Insolvency litigation will be subject to the costs regime imposed by the Legal Aid, Sentencing and Punishment of Offenders Act (LASPO) from April 2016, the Ministry of Justice confirmed today.
Justice minister Lord Faulks (pictured) announced that the exemption applying to insolvency will be lifted as the government addresses the ‘high costs of civil litigation’ in England and Wales.
The change in effect abolishes the recoverability of success fees and after-the-event insurance from losing defendants.
The announcement will come as a blow to insolvency practitioners who had lobbied the government to keep the exemption, suggesting that bringing insolvency into line with other civil litigation would prevent HM Revenue & Customs from recouping unpaid taxes and leave creditors with no way of getting back money owed.
Trade body R3, the Association of Business Recovery Professionals, slammed the government's decision as a 'half-a-billion payday' for rogue directors, citing research showing that the exemption helps retrieve about £480m owed to creditors from rogue directors and others every year.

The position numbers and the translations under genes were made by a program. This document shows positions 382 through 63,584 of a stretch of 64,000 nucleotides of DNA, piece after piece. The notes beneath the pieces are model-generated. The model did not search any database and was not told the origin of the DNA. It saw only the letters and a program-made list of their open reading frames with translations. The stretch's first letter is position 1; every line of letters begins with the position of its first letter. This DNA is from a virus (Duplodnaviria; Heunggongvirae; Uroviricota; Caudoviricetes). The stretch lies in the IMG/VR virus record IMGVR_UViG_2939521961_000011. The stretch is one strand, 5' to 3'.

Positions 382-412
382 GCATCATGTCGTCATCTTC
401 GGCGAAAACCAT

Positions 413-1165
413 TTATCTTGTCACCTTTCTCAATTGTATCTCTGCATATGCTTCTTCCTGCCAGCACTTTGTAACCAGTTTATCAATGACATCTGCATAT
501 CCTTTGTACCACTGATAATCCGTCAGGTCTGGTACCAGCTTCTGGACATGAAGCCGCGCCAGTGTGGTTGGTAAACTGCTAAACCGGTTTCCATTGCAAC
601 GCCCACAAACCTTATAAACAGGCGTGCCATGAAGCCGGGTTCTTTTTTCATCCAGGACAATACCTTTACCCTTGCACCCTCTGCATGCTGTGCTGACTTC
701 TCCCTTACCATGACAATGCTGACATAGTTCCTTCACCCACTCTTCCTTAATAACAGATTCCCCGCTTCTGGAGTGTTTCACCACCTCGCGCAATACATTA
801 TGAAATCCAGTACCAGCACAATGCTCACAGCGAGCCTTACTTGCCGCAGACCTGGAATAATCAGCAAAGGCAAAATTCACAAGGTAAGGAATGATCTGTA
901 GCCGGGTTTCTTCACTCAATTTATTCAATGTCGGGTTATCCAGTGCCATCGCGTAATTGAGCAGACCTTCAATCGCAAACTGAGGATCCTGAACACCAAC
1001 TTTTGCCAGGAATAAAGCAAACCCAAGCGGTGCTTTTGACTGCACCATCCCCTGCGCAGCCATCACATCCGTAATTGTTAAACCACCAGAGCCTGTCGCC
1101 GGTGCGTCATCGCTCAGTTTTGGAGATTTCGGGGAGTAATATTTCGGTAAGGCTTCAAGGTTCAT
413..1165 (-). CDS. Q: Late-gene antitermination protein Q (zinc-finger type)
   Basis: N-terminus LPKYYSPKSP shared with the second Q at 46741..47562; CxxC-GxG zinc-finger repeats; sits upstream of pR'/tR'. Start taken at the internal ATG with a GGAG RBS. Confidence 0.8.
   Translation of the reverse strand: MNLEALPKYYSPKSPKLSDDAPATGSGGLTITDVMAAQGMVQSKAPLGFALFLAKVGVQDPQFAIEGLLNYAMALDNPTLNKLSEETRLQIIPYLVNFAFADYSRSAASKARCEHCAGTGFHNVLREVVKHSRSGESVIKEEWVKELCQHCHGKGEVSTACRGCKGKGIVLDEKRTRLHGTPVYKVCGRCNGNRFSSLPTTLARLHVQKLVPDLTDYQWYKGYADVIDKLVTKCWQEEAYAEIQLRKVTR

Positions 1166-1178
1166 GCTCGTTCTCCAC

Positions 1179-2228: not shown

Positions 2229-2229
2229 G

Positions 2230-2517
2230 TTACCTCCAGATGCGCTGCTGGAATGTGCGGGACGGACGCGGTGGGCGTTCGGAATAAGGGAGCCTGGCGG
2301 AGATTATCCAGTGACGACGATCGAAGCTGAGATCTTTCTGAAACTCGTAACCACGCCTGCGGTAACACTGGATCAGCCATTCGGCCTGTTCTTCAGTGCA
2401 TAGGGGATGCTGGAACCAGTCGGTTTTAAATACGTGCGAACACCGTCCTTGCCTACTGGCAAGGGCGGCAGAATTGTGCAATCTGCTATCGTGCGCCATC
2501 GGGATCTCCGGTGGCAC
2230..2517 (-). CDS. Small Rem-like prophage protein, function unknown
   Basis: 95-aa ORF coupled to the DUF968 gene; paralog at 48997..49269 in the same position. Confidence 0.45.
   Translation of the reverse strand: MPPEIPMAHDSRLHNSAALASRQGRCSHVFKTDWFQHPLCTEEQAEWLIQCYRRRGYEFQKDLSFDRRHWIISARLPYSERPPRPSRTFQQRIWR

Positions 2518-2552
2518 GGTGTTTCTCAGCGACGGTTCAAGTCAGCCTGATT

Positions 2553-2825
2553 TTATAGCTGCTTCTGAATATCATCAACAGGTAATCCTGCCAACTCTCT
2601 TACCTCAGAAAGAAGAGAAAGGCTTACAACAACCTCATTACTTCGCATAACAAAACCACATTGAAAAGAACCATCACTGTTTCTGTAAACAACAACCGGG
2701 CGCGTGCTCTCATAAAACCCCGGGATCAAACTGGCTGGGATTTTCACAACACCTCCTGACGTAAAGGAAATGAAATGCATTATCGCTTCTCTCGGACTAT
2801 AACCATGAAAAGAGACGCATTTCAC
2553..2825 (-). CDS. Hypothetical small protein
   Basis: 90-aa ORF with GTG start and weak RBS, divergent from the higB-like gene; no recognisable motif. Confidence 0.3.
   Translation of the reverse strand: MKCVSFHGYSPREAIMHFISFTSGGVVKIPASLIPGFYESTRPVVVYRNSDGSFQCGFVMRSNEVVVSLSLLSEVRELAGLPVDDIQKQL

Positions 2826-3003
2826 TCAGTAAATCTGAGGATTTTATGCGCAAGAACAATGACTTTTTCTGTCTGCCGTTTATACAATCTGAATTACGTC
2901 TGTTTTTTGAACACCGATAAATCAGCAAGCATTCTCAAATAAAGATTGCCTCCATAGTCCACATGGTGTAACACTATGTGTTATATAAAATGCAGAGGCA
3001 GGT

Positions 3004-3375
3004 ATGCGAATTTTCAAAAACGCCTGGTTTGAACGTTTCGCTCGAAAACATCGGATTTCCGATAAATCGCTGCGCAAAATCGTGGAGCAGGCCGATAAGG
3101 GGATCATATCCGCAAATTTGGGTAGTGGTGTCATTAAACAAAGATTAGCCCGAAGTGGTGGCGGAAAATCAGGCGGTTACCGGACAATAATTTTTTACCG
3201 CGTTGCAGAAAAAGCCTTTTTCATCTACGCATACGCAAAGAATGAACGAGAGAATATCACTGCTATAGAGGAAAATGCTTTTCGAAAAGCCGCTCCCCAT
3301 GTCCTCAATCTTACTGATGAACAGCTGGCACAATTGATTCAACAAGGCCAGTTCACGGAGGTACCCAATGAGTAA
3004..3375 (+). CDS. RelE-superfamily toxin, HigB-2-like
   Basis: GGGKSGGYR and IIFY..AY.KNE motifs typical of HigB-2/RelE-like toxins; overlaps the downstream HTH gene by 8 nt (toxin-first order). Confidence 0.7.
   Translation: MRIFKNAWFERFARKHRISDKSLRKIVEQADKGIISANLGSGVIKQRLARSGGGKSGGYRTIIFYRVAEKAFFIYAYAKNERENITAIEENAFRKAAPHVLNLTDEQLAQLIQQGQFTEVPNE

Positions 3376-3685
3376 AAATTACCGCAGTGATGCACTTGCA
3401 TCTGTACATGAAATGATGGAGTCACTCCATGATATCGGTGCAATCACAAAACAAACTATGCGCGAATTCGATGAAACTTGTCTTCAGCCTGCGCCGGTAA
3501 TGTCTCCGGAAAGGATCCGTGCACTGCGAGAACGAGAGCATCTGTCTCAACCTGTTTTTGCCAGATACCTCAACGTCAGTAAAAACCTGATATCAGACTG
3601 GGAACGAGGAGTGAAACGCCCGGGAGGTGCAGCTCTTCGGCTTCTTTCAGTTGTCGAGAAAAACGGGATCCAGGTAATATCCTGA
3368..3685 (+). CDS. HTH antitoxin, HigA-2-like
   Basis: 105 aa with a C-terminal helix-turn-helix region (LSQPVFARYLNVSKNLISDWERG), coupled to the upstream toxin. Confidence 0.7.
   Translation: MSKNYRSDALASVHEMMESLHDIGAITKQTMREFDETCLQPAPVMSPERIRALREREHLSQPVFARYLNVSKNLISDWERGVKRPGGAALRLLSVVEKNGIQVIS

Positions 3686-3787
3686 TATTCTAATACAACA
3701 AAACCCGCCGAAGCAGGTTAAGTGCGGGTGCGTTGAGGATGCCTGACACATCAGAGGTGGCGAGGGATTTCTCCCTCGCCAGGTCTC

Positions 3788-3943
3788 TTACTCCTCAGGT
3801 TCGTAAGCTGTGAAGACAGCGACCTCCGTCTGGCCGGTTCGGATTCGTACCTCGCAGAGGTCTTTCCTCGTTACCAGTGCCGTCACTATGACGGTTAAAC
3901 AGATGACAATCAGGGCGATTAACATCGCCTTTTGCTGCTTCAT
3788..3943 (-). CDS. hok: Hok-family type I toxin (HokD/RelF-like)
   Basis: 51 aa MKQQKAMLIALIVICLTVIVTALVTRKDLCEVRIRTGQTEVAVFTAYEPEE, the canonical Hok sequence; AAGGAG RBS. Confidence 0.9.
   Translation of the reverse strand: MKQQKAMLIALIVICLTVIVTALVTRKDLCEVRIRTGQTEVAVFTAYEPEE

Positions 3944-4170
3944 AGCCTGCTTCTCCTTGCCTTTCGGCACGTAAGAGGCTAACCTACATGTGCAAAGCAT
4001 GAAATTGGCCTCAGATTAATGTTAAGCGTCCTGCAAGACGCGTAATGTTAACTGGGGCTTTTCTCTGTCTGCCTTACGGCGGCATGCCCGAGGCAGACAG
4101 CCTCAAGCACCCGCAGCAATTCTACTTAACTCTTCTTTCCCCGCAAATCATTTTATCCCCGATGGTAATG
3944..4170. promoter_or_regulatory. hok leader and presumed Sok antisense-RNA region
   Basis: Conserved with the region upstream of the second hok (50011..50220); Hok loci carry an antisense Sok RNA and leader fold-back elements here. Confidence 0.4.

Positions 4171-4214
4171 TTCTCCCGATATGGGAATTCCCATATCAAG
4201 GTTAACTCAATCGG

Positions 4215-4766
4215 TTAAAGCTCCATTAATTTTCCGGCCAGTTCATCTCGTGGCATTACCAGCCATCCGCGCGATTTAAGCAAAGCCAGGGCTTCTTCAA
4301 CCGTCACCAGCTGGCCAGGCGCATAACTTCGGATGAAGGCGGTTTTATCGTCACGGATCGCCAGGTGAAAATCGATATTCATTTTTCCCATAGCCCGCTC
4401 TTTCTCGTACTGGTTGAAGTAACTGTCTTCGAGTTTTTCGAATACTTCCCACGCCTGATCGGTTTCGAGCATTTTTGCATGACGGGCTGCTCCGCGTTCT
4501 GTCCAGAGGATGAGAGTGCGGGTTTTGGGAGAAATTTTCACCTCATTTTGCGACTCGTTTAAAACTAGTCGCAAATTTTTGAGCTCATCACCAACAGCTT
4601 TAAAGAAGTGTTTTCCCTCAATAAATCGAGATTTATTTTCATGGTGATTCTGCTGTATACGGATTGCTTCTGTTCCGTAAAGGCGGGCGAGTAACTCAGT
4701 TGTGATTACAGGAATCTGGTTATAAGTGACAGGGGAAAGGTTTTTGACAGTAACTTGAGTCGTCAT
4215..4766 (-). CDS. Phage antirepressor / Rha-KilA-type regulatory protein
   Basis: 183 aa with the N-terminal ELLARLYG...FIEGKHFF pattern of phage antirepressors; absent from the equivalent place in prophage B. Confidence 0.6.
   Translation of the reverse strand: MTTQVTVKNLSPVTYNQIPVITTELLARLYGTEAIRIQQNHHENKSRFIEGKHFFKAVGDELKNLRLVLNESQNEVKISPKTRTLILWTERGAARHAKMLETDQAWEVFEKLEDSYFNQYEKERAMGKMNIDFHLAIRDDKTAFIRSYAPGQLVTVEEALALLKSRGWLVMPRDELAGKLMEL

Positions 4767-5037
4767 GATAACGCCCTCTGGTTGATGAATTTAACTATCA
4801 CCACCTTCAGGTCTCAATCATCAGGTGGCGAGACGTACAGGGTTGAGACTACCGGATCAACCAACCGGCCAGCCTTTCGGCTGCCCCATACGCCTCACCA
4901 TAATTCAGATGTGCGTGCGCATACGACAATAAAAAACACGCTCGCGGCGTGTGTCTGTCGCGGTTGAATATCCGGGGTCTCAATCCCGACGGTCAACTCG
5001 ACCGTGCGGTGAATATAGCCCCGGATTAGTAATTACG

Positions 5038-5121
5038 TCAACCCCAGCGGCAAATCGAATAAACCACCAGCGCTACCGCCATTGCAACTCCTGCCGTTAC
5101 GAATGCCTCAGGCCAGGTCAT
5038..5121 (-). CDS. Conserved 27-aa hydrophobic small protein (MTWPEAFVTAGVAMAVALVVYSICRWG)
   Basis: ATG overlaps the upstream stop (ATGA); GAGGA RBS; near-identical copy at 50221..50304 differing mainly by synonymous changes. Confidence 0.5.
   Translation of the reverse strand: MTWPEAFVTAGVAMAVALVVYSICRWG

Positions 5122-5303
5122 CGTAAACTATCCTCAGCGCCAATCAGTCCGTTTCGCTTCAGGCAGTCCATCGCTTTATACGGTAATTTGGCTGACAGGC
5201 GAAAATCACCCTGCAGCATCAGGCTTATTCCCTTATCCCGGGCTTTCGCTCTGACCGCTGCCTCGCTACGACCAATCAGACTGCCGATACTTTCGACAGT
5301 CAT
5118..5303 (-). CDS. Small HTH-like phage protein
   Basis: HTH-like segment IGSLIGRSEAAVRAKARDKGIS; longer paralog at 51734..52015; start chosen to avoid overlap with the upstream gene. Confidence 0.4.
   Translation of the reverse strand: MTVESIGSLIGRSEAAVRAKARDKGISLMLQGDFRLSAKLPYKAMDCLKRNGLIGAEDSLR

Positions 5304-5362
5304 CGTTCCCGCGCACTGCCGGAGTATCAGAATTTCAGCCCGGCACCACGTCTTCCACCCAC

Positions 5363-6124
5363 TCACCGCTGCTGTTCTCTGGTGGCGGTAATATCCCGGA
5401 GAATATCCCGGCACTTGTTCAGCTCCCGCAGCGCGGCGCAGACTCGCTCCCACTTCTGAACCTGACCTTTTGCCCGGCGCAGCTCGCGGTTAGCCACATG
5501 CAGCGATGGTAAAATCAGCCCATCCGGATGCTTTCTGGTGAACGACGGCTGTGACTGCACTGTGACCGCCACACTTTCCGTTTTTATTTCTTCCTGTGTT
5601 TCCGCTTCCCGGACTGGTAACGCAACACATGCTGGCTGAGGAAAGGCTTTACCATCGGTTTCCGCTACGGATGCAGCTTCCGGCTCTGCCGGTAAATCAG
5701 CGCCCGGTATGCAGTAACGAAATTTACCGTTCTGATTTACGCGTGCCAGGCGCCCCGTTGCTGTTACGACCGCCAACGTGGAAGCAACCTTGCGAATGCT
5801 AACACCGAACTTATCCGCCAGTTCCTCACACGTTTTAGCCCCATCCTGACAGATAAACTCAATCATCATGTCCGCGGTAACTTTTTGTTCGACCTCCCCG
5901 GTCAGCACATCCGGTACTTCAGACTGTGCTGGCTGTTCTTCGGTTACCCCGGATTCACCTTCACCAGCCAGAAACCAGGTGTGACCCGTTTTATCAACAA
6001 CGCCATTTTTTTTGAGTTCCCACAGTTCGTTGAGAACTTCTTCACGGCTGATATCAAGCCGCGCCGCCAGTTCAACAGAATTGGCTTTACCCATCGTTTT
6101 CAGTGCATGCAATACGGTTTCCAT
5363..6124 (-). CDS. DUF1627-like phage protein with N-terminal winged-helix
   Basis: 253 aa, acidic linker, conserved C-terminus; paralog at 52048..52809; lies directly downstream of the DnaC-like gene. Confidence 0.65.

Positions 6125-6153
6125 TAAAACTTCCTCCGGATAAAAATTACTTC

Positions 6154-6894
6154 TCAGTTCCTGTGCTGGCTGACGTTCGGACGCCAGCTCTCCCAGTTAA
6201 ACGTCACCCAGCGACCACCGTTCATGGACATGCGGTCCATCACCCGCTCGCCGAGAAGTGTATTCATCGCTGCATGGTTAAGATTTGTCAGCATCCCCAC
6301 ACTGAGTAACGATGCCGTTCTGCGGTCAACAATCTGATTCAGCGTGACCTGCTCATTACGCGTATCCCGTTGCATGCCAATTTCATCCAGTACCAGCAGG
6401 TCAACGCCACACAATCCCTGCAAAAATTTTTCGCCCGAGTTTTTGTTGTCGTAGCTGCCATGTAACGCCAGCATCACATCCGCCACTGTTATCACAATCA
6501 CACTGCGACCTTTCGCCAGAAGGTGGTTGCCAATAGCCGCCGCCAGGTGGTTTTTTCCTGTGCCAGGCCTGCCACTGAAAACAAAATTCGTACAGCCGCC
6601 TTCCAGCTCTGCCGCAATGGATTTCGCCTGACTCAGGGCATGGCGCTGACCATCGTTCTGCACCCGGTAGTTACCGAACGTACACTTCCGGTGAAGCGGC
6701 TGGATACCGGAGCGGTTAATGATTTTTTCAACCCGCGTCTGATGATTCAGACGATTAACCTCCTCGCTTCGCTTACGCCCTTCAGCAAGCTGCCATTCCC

President Phillip Sykes said: 'The government is potentially writing off hundreds of millions of pounds per year owed to not just HMRC, but to hundreds, if not thousands, of ordinary honest businesses as well.
'The only winners today are the rogue directors and others who refuse to repay money owed to creditors after an insolvency. We’re back to an uneven playing field, where rogue directors hold all the cards – and the cash.'
He added: 'At no point has the government engaged with the arguments in favour of extending the exemption, nor has it carried out an impact assessment of what the end of the exemption would mean.
'The end of the exemption leaves a huge funding black hole for insolvency litigation. This is a blow to the wider business community and the insolvency profession.'
Faulks also confirmed that a review of no-win no-fee reforms under part two of LASPO, which has to be made within three to five years of the April 2013 implementation date, will take place ‘towards the end of that period’.
This review will also consider whether to apply mesothelioma cases to section 48 of the act.
The insolvency exemption was originally to have been lifted in April this year but the government announced in February that it would put off the change.